In this example, we also used the ForEach method instead of the foreach construct. No particular reason, I just felt like showing it. Here's the SQL generated by this example:
Now, as you can see there, the .ToLower and .StartsWith methods were translated to SQL. Only methods that have direct SQL equivalants can be used. For example, we couldn't use a RegEx match in the .Where method, since there's no SQL mapping for Regular Expressions. The compiler won't create a warning, though, if you use an unsupported method. You'll get a runtime exception when it's used.
Ok, what about inserting data? Piece of cake. Here's an example of adding an address to the Addresses table:
First, we grabbed a state to use, since it's an FK relationship. Then we created a new Address instance, filled with fake data. We used the Insertonsubmit method on the Addresses table in the DB. Then we submitted the changes.
After that, we selected the same address back out of the table, just to prove that it was created and saved:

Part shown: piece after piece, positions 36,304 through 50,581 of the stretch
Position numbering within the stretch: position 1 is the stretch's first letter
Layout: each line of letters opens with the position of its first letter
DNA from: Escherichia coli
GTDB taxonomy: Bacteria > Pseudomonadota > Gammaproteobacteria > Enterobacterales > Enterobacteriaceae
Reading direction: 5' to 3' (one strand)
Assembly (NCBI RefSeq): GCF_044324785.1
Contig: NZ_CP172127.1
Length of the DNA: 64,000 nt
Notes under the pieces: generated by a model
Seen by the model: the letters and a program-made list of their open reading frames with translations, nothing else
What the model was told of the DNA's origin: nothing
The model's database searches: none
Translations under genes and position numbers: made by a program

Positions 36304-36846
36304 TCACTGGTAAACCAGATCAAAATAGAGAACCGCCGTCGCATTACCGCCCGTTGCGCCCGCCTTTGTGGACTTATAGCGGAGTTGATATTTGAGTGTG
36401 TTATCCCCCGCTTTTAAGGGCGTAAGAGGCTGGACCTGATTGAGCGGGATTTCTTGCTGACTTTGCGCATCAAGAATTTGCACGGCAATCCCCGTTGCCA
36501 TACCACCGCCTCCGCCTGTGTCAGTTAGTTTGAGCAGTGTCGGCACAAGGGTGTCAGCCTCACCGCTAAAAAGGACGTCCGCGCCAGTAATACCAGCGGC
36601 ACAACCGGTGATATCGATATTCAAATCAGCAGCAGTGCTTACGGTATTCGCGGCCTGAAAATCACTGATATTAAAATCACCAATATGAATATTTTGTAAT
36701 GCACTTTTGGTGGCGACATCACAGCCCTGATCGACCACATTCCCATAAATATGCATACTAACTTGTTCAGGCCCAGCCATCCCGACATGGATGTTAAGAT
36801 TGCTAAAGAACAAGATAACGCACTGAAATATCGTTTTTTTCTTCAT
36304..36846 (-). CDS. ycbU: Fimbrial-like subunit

Let's update that same address we just selected out.
That's all there is. Updating is as easy as taking an object from the database, changing it, and calling SubmitChanges.
If we open the database, we can see that it was actually updated:
Let's delete that same address:
Again, incredibly simple. Just call Deleteonsubmit on the table you want to delete from, and submit changes.
Other Important Methods
I've shown you Insertonsubmit, Deleteonsubmit, and how updates are handled. Note that you can do more than one action at a time. You can do several inserts, a few deletes, and lots of updates, then SubmitChanges.
Also, there are methods to Insert and Delete several items at once: InsertAllonsubmit and DeleteAllonsubmit. These can be useful when you want to create or remove several items.
Again, this is by no means exhaustive. I've barely scratched the surface. This is intended to get you started trying LINQ to SQL out (just not on a production database ).
See all the C# Learning Series tutorials here!
This post has been edited by Curtis Rutland: 13 April 2011 - 07:50 AM